Private equity (PE) investment in Indian real estate has seen a huge pick up after stagnating over the past five years. This year, there is a marked improvement in private equity activity in the real estate sector, which is bogged down by huge debt and low demand.
According to a recent report by Knight Frank India, with the new government assuming office in 2014 and the subsequent roll out of a battery of reforms, there has been a paradigm shift in investors’ interest.
From an average investment of $2.1 billion in 2011-14, capital flows rose by 57 per cent to an average of $3.3 billion between January 2015 and mid-September 2017. In 2017 the number of deals dwindled to 13, just over one-fourth of the tally in 2010.
However, the average investment per deal increased 10-folds to $246 million per deal in same period.
As per Knight Frank India, the bulk of the investment in 2016-17 went into pre-leased properties. Investment into development sites saw a sharp drop courtesy the low risk appetite among investors. Now PE investors are avoiding execution risk, approval risk and marketing risk.
The big boost for the sector is the Real Estate (Regulation and Development) Act (Rera) 2016, the Benami Transactions (Prohibition).
These path-breaking reforms attracted private equity investors after almost half-a-decade of near stagnation. The big boost for India’s strong economic fundamentals was evident as more than 70 per cent of the PE capital contributors in 2017 were long-term sovereign and pension funds.
According to Knight Frank India, Gurgaon and Mumbai collectively command 96 per cent of the PE investment pie in the Indian real estate in 2017. A majority of private equity investors in 2017 are domestic investors followed by investors from USA and Canada.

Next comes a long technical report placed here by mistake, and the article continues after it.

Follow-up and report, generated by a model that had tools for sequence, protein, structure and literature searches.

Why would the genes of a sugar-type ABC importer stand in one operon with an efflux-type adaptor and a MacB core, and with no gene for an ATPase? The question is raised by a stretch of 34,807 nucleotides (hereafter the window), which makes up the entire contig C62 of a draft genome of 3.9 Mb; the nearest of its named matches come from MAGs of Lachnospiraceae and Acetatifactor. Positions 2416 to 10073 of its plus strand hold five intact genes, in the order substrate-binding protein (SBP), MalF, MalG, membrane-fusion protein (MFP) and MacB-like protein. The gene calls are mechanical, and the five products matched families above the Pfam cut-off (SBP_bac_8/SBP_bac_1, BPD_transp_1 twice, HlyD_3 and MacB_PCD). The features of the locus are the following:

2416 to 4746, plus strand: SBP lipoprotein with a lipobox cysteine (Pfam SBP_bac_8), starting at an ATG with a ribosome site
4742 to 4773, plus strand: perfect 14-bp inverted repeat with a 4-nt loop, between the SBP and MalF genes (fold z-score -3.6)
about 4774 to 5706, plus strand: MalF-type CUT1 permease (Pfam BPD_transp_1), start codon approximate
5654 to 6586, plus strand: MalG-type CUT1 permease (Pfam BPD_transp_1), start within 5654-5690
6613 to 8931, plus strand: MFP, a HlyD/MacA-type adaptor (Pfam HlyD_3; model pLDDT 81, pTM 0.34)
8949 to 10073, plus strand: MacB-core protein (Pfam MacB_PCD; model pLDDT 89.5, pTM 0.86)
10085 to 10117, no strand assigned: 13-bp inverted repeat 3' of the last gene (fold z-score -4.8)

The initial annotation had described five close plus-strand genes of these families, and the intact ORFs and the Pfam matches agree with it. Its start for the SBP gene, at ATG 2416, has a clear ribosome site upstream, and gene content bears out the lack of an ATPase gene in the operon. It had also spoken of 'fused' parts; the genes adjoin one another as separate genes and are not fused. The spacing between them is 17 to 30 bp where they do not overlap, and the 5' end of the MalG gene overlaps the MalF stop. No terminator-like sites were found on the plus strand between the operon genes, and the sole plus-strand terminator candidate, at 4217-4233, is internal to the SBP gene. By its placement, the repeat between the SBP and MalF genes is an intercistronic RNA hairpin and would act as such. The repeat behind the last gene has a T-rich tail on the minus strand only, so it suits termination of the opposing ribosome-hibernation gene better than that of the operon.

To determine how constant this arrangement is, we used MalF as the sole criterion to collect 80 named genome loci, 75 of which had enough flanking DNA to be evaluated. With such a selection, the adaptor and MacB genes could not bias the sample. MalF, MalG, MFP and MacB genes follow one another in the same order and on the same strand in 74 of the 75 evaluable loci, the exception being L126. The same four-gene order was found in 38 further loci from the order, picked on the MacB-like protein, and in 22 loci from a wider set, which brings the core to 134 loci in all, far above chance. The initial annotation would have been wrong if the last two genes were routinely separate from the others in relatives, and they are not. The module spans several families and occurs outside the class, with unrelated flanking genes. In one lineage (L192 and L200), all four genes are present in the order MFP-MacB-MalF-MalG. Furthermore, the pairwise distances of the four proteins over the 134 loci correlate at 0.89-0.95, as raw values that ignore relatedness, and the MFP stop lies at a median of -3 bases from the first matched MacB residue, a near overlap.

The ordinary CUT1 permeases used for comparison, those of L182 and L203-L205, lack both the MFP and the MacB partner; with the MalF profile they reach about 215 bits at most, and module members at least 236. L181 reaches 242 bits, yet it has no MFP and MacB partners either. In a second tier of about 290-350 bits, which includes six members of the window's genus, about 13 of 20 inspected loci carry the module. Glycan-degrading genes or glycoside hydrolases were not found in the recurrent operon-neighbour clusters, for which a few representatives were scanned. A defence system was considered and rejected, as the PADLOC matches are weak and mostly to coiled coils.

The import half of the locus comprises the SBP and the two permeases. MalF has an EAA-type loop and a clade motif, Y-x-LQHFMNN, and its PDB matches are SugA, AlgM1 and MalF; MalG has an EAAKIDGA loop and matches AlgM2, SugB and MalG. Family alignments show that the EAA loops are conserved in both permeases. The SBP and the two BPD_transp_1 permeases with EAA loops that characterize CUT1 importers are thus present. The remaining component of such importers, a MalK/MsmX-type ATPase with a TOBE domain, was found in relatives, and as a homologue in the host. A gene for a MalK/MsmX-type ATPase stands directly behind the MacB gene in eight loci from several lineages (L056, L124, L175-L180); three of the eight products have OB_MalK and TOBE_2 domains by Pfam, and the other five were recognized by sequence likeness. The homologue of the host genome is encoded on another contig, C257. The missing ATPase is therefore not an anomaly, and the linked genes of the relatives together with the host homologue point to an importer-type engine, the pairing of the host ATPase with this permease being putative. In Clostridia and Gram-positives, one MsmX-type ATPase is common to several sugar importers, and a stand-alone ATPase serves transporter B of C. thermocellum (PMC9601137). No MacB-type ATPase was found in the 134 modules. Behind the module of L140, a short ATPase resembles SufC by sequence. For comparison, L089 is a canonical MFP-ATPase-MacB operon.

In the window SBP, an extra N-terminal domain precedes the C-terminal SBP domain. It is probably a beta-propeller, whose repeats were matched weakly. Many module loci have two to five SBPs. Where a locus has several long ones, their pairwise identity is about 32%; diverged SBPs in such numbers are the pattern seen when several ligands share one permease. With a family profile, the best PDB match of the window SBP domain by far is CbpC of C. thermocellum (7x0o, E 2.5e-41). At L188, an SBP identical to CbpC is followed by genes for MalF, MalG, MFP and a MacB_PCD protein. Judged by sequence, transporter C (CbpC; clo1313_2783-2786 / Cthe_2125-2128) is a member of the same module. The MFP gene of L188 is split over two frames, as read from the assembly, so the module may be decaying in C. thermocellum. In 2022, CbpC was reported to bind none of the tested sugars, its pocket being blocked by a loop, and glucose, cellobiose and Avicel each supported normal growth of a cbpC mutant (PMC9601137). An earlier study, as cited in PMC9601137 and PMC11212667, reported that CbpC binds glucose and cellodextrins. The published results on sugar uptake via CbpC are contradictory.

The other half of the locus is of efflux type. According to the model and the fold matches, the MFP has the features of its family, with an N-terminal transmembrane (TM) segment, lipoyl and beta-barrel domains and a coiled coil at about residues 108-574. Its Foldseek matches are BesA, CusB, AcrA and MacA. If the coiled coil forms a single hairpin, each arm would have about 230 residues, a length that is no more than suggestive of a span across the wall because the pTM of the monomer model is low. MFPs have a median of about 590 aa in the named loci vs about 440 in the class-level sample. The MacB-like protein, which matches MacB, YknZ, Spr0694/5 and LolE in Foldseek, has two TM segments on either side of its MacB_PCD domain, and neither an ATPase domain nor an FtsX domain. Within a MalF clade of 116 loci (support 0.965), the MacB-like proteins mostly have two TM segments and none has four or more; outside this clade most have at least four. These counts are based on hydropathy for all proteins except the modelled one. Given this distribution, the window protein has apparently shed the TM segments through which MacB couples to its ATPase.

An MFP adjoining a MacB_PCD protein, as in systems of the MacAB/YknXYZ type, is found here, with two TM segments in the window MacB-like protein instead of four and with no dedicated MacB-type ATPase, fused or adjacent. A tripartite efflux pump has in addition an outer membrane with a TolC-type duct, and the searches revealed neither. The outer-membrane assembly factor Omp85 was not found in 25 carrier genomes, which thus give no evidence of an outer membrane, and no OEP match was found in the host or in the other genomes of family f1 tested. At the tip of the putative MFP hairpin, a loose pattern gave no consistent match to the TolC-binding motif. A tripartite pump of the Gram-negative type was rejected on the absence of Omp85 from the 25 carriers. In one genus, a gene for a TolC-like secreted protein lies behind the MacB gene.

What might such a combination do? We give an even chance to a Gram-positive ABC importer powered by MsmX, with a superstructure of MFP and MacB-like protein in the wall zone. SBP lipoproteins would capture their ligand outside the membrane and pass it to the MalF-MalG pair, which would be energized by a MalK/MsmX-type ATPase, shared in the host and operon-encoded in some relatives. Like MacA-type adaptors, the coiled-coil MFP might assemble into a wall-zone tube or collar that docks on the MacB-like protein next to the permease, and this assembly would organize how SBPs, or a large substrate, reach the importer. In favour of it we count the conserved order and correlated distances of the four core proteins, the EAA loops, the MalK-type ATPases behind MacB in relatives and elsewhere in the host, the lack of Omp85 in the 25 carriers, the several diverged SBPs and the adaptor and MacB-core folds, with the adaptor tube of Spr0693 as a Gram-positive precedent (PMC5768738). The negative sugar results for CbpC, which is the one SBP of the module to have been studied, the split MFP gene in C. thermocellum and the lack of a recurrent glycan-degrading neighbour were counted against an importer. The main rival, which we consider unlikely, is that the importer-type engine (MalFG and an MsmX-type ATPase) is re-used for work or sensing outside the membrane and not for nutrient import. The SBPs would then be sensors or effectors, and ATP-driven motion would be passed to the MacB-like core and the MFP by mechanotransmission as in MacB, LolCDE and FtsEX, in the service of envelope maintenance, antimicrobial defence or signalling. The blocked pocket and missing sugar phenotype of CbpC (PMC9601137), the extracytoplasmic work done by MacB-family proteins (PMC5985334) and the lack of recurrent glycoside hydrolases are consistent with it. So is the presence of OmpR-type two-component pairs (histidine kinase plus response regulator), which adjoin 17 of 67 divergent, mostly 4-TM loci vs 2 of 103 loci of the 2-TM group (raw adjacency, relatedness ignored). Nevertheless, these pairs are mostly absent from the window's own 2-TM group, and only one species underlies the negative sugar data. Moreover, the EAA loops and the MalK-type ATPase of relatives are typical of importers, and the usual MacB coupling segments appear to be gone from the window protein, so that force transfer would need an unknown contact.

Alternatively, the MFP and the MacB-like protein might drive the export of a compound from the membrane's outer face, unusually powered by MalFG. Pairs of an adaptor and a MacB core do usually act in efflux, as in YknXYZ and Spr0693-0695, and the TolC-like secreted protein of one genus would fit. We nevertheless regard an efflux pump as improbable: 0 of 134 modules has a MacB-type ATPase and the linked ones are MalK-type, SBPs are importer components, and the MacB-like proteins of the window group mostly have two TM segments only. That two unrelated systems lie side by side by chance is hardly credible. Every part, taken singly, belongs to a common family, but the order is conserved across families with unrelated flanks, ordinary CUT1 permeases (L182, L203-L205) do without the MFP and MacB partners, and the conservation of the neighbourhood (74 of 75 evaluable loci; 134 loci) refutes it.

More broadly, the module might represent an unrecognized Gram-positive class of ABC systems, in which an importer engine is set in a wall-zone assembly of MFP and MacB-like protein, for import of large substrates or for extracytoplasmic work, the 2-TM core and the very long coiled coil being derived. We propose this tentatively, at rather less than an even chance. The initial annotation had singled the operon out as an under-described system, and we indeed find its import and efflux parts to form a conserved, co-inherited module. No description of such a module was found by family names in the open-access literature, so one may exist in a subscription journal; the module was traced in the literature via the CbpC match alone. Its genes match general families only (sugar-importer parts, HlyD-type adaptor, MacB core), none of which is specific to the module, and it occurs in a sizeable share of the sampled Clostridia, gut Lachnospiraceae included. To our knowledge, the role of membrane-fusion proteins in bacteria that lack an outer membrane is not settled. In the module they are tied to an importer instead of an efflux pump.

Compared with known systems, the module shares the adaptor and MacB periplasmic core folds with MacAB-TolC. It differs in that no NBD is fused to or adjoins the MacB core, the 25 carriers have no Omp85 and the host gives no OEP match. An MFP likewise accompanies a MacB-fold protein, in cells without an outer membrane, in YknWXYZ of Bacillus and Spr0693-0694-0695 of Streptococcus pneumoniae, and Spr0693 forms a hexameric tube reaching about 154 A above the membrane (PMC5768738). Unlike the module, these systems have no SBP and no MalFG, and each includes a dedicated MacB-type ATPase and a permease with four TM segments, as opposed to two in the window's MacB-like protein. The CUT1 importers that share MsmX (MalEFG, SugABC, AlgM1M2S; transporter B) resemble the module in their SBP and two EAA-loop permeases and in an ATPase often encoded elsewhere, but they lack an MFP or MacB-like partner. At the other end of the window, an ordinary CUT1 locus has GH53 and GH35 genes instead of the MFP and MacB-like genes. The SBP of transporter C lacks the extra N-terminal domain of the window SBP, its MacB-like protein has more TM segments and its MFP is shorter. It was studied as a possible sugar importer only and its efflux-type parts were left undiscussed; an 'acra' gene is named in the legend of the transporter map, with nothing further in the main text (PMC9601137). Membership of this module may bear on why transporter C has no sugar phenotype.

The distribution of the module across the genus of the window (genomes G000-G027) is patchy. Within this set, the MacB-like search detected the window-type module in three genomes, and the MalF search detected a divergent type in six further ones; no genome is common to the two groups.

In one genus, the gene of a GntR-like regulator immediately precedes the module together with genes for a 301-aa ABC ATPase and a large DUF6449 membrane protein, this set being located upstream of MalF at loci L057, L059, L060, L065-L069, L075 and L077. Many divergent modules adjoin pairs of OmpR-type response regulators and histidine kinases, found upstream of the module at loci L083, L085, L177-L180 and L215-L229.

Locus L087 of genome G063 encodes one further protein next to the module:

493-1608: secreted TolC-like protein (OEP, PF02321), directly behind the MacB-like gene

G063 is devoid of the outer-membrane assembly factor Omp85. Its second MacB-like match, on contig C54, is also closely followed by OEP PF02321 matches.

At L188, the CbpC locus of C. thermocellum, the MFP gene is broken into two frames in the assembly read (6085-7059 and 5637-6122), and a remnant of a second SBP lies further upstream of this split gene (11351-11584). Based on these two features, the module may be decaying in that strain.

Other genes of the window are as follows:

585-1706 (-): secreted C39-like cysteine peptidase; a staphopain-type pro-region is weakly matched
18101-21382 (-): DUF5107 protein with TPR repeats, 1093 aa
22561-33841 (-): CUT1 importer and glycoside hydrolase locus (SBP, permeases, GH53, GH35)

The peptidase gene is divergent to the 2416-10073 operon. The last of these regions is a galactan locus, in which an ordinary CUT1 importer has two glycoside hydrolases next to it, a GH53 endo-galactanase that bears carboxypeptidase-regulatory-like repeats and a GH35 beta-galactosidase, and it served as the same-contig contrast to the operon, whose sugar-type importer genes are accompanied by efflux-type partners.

“Investors tread cautiously; investments into development sites dry up, bulk of capital flows veer towards pre-leased properties,” the report said.
Gurgaon attracted 56.4 per cent of total investment in real estate.
The report pointed out that the residential sector has been facing immense challenges in attracting institutional investment over the past few years owing to the lack of transparency, delay in approvals and poor accountability of developers, which has led to indefinite delay in delivery of projects.
The indefinite delay had caused humungous losses to consumers and investors.
“The scenario is likely to change with Rera being implemented across several states and goods and services tax (GST) now implemented. Rera would bring in accountability and transparency, thereby minimising the scope for delay in delivery of projects. With GST, everyone involved in the supply chain of real estate development, from material suppliers to contractors to developers, would have to shift to an organised model,” the Knight Frank India report said.
“These reforms would streamline the construction sector ensuring only reputed developers with a good track record of delivery combined with sound financials remain in the market. In addition to this, the government’s thrust on affordable housing by providing infrastructure status to affordable housing projects, interest subsidy scheme under Pradhan Mantri Awas Yojna (PMAY) coupled with now functional Rera and GST would make the residential sector appealing to investors and buyers alike,” it further said.